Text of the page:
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English definition of “scrape”

scrape

verb uk   /skreɪp/ us  

scrape verb (REMOVE)

[T] to remove an unwanted covering or a top layer from something, especially using a sharp edge or something rough: [+ obj + adj ] Scrape your boots clean before you come in. We'll have to scrape the snow off the car before we go out in it. Emily scraped away the dead leaves to reveal the tiny shoot of a new plant.Removing and getting rid of thingsTaking things away from someone or somewhere

scrape verb (RUB)

[I or T, usually + adv/prep] to (cause to) rub against a surface so that slight damage or an unpleasant noise is produced: Jackie fell over and scraped her knee (on the pavement). I was woken up by the noise of branches scraping against my bedroom window.Scratching and rubbing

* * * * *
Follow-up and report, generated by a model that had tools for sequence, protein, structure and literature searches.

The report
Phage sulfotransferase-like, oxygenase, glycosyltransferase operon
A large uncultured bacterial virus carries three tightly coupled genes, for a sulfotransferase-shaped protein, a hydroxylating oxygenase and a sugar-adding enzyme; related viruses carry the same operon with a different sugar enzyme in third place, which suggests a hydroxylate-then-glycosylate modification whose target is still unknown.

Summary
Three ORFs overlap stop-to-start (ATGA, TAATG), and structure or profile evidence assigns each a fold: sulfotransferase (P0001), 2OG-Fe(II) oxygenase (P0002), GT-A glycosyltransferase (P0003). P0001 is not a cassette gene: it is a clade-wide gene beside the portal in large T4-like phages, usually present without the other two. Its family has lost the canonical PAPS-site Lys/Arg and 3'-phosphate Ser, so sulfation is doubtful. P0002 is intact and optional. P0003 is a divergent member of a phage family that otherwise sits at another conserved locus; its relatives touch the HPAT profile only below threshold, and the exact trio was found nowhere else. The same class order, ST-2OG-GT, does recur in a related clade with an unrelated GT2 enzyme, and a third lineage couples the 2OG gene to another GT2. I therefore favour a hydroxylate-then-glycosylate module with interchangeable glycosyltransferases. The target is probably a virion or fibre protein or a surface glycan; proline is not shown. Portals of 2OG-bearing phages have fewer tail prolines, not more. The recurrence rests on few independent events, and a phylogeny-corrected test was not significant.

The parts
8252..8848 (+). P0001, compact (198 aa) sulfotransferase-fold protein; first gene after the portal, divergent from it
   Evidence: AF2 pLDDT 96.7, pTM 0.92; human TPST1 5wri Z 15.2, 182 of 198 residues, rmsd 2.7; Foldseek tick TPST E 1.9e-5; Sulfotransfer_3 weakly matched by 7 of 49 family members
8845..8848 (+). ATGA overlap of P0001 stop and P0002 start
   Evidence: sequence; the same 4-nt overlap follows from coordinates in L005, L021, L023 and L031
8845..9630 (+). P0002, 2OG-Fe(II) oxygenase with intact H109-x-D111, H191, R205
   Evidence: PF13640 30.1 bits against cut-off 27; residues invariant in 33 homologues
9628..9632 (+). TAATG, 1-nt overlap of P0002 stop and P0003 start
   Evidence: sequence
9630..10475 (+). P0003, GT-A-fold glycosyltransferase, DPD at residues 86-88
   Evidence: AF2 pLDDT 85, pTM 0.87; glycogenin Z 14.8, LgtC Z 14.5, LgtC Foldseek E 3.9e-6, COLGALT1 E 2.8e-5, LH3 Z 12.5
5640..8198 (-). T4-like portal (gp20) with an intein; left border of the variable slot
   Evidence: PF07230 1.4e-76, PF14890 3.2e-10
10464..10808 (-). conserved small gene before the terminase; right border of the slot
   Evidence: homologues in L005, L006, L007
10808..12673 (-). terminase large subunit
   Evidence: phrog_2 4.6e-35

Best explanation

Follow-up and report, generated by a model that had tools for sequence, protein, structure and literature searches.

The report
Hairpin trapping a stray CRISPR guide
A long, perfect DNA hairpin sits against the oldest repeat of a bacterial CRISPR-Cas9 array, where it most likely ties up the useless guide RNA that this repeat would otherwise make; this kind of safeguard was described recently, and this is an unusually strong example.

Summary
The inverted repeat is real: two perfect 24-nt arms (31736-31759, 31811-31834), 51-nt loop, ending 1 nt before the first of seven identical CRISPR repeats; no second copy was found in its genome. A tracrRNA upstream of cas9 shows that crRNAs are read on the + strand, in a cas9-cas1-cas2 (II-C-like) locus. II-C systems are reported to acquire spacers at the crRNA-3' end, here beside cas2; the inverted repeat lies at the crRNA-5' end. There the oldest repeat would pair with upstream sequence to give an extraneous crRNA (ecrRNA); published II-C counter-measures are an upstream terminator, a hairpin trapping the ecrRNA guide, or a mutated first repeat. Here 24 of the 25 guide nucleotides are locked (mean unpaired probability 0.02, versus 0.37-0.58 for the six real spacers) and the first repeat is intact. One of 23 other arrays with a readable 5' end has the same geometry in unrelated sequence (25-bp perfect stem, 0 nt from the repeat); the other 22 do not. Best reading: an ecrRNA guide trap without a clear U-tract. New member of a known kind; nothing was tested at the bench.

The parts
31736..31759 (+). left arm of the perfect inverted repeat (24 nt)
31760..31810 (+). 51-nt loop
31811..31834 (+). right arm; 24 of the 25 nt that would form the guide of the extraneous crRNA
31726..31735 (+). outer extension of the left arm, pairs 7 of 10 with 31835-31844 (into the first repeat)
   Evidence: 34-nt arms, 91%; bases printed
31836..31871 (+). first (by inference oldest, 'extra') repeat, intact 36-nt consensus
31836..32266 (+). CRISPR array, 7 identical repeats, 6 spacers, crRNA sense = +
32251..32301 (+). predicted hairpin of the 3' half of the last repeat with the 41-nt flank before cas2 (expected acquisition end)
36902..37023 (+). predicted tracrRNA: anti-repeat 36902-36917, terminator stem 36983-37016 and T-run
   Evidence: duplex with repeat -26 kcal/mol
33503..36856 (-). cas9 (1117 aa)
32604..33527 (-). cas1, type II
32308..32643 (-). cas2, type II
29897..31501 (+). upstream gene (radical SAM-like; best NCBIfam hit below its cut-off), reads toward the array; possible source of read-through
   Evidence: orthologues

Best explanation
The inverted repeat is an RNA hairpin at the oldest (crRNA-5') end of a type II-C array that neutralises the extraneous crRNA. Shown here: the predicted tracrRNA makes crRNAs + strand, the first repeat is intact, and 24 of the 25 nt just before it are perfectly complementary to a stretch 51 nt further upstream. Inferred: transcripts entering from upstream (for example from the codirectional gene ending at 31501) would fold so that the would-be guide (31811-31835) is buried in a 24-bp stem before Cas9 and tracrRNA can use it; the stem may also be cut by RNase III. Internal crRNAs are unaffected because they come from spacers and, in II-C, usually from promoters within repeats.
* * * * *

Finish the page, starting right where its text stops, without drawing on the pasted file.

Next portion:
scrape verb (SUCCEED)

[I usually + adv/prep] to succeed in getting or achieving something, but only just or with great difficulty: She scraped into university on very low grades.Succeeding, achieving and fulfillingCoping and not copingDealing with things or peopleTolerating and enduring

scrape

noun uk   /skreɪp/ us  

scrape noun (SITUATION)

[C] informal a difficult or slightly dangerous situation that you cause by your own silly behaviour: She's always getting into silly scrapes - I do wish she'd think before she does things. He had a couple of scrapes with the police and ended up in court.Difficult situations and unpleasant experiencesAccidents and disasters

scrape noun (RUB)

[C or U] a slight injury or an unpleasant noise produced by rubbing against a surface: "It's just a scrape," said the boy looking down at his bleeding knee. I hate the scrape of chalk on a blackboard.Sounds made by objects, movement or impactScratching and rubbing
(Definition of scrape from the Cambridge Advanced Learners Dictionary & Thesaurus © Cambridge University Press)
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